By Colin Guyton, President Federated Farmers Rotorua/Taupo
Federated Farmers is appealing the recent Rotorua Lakes Council (RLC) decision on their final representation arrangements for the 2022 and 2025 elections to the Local Government Commission.
The appeal would have been lodged regardless as we continue to seek better representation of rural communities around the council chamber but that resolve has been strengthened by media releases informing us of the lengths RLC are prepared to go to get the outcomes that they want. It has reminded me how strongly they are prepared to fight when it suits them but in the same breath just how pathetic they can be in justifying not changing when it doesn’t.
I’m talking of course about RLC seeking legislative change to enable an increase in the number of Māori wards over and above that which is currently enabled under the Local Electoral Act but dismissing our request for a rural ward because it would require a simple increase from 10 councillors to 11.
An increase in the number of councillors has no direct cost implications for ratepayers, the only thing it affects is the how much the current councillors get paid. RLC acknowledged requests for a rural ward were well reasoned and well argued; there was even a hint that the need for one was accepted. However, introducing a rural ward would be most easily achieved by increasing the total number of councillors by one and this was not recommended because it is inconsistent with RLC’s principle of having 10 councillors.
Not only is the justification a self-serving and dismissive knock back on something that rural people have been asking for since 2010 but it also smacks of predetermined decision making. A representation review is undertaken every six years, and as you would expect from a review, pretty much everything is on the table, including how many councillors are required to ensure fair and equitable representation. RLC doesn’t get to have a ‘principle’ on the number of councillors they want and then determine who gets represented on council (and who doesn’t) from there. It’s called “back solving” and it’s not ok. Federated Farmers was very clear in our submission that we would support an increase in the number of councillors if that was required for the rural ward to be introduced. This was very much a live matter and RLC should have been open to moving from their ‘10’.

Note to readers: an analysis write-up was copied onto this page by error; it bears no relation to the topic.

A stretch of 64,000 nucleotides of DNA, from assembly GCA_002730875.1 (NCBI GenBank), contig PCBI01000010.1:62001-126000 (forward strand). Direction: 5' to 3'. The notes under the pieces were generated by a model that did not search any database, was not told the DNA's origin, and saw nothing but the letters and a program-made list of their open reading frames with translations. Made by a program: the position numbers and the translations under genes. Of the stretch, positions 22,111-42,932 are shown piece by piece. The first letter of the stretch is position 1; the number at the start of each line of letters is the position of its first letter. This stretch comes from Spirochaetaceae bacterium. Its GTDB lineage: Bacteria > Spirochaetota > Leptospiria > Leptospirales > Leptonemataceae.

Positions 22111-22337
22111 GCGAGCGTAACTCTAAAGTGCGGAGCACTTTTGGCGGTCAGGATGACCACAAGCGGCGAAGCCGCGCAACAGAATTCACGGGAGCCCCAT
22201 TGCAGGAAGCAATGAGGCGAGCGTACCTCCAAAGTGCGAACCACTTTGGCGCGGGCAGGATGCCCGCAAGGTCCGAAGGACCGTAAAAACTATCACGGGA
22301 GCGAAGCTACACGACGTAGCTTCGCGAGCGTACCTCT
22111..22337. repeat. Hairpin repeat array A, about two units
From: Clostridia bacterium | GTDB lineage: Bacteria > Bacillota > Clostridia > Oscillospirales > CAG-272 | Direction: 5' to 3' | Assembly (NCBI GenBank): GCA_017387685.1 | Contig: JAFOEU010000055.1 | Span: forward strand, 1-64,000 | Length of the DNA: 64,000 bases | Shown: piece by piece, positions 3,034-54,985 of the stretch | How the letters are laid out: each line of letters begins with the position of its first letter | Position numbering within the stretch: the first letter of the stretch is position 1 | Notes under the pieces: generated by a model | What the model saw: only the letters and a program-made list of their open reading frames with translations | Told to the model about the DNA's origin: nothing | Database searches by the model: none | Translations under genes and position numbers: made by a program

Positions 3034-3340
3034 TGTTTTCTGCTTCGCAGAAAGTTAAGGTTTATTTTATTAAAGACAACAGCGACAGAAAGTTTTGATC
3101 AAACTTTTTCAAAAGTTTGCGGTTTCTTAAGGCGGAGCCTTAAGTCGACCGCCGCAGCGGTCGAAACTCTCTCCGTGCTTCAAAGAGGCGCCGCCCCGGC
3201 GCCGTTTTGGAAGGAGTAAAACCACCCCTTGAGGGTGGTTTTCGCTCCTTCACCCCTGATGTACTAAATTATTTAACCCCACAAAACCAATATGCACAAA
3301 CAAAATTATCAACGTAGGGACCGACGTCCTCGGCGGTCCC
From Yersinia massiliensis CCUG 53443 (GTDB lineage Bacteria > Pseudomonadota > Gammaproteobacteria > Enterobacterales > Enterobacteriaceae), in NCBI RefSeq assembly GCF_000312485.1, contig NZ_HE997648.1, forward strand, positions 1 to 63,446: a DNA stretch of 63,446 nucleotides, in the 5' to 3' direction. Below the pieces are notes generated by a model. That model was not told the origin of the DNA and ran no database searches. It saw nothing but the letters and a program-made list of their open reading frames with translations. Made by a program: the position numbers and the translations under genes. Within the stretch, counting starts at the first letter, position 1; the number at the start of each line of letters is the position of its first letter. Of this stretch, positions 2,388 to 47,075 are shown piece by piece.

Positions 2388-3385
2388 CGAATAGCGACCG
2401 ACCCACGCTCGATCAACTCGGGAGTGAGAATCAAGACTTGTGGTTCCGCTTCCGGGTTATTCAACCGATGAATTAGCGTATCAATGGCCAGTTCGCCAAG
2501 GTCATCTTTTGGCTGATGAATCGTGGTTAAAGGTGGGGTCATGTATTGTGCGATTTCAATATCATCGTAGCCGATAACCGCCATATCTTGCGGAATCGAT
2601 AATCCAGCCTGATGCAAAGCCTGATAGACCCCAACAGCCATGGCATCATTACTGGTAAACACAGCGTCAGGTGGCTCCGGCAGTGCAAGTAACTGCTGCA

Using 2018 census figures RLC has a very high population to councillor ratio, at around 1 for every 7,500 people. The average ratio is around 1 to 4,100 so there is considerable room for movement but I guess having 80% of the population based in Rotorua city makes it easy to service this high number so there is zero political will to make changes which would help rural communities of interest directly.
We are quietly confident that the appeal will be successful, with the Commission seeing this for what it is and using its authority to get a rural ward introduced before the elections next year.